Bronchial asthma is a chronic respiratory disease that causes coughing, shortness of breath, and asthma attacks. Asthma can develop at any age; in about half of all patients, it begins in childhood.
There are many factors that can trigger the onset of bronchial asthma. These risk factors include, first of all, heredity - it has been proven that in a third of patients the disease was inherited. If one parent is sick with asthma, the risk of developing the disease in a child will be about 30%, and if both parents are sick, the probability will be already 75%.
Another risk factor is a variety of professional factors - contact with dust, harmful vapors, gases increases the risk of getting sick several times. The increase in morbidity in the past two decades is associated with environmental pollution with exhaust gases, smoke, and harmful vapors. Frequent use of aerosols, household chemicals and various detergents is of great importance in the growth of morbidity.
Most often, the disease is exogenous, that is, it occurs under the influence of various external allergens. They can be pollen of plants, house dust, hair of pets, etc. In some patients, allergens can be non-steroidal anti-inflammatory drugs (Aspirin), as well as cold, strong odors, exposure to chemicals. Choking can begin after exercise, especially if it is accompanied by inhalation of dry or cold air (exercise asthma).
Under the influence of allergens, swelling and spasm of the bronchi occurs, a large amount of mucus begins to be produced, which prevents air from passing through the respiratory tract. The most common signs of bronchial asthma are coughing, shortness of breath with attacks of suffocation, wheezing, and chest congestion. The cough is usually excruciating, worse at night, after inhalation of cold air and after physical exertion. Asthma with a predominance of cough is common in children.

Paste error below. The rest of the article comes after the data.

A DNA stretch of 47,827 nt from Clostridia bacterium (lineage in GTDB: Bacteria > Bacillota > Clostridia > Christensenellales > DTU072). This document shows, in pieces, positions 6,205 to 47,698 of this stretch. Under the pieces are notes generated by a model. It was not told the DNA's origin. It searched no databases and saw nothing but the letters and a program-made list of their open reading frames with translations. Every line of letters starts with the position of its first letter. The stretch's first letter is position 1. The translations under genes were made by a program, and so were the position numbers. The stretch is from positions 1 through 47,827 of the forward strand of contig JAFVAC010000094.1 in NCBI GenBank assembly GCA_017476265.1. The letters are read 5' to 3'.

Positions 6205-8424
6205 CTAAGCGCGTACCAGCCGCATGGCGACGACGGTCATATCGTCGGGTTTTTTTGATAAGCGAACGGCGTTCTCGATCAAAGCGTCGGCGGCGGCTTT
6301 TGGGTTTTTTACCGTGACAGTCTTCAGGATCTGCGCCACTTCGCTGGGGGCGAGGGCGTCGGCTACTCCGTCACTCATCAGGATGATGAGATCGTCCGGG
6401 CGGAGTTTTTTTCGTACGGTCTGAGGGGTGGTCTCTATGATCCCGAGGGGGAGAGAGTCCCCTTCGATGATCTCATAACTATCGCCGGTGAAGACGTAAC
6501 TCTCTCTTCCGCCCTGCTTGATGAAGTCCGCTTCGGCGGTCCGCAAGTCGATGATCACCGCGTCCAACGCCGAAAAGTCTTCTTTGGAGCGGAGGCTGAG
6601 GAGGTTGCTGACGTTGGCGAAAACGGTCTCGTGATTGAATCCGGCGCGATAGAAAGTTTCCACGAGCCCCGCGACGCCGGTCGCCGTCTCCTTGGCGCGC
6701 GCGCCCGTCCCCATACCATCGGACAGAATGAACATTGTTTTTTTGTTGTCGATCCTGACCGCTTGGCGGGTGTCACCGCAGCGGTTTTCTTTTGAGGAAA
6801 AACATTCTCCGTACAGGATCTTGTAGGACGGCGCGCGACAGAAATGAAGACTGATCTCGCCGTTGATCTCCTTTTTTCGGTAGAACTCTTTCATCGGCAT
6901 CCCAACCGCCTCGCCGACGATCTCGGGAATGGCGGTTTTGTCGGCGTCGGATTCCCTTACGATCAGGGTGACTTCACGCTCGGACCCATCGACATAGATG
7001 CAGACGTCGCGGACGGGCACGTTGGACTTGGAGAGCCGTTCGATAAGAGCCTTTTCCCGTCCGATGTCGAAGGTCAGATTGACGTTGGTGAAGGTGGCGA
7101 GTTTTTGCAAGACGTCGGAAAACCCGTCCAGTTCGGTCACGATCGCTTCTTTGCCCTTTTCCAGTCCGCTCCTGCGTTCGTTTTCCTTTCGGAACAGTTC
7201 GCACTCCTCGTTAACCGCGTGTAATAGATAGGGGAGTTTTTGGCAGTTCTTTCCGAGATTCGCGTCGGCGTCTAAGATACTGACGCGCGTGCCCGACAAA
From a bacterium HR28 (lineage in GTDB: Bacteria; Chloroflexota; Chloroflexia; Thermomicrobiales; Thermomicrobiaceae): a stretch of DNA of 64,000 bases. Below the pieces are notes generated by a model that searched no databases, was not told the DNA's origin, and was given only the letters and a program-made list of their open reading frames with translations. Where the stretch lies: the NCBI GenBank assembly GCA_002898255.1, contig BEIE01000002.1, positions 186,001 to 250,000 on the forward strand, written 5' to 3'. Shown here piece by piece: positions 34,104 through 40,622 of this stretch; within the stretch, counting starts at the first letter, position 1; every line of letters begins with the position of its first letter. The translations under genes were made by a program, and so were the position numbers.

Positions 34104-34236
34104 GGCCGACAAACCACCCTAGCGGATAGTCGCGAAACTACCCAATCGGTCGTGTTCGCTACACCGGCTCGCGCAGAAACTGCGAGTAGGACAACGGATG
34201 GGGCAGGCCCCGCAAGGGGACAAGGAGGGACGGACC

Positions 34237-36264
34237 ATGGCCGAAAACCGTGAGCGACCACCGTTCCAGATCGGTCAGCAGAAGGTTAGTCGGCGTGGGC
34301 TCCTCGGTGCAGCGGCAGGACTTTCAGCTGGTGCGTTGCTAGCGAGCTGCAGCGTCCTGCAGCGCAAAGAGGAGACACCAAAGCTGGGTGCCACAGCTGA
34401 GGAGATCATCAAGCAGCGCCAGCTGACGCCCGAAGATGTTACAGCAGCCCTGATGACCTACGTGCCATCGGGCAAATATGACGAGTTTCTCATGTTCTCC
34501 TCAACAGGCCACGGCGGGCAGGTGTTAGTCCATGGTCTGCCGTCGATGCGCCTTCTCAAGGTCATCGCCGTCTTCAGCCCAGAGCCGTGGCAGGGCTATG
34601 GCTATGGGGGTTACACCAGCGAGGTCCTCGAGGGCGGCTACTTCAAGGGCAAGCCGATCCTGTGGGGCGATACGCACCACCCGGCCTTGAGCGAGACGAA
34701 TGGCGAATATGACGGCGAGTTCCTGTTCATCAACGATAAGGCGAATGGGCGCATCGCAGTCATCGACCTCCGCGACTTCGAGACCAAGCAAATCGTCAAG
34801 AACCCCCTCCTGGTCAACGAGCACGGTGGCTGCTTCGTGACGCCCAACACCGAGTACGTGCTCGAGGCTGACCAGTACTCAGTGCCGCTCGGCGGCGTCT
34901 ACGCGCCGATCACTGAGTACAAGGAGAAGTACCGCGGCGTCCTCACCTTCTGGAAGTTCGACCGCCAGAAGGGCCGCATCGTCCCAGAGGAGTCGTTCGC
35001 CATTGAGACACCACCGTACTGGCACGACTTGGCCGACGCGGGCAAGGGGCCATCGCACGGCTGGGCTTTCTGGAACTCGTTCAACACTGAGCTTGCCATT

Asthma is characterized by shortness of breath with difficult exhalation, accompanied by wheezing, and inhalation is normal. During an attack, the patient takes a forced sitting position, the attack is often accompanied by a cough followed by the release of vitreous sputum. Outside of an attack, there are often no signs of illness.
Treatment of bronchial asthma should be prescribed only by a doctor, preferably a pulmonologist. For treatment, basic (supporting) drugs are used that affect the mechanisms of asthma formation, as well as symptomatic agents that are used to relieve an attack. The dosage and combination of drugs are selected by the doctor individually and depend on the severity of the disease.
If asthma is allergic in nature, in addition to the main treatment, specific immunotherapy is performed. Its purpose is to create the body's immunity to those allergens that cause seizures in the patient. For this, allergens are introduced in gradually increasing dosages, the effect of treatment will be the higher, the earlier it is started.
Also, patients are recommended physical education and breathing exercises, it is of great importance to create an environment in which there is no place for allergens. Currently, in almost all large cities there are schools for patients with bronchial asthma, where they are taught all activities related to the disease.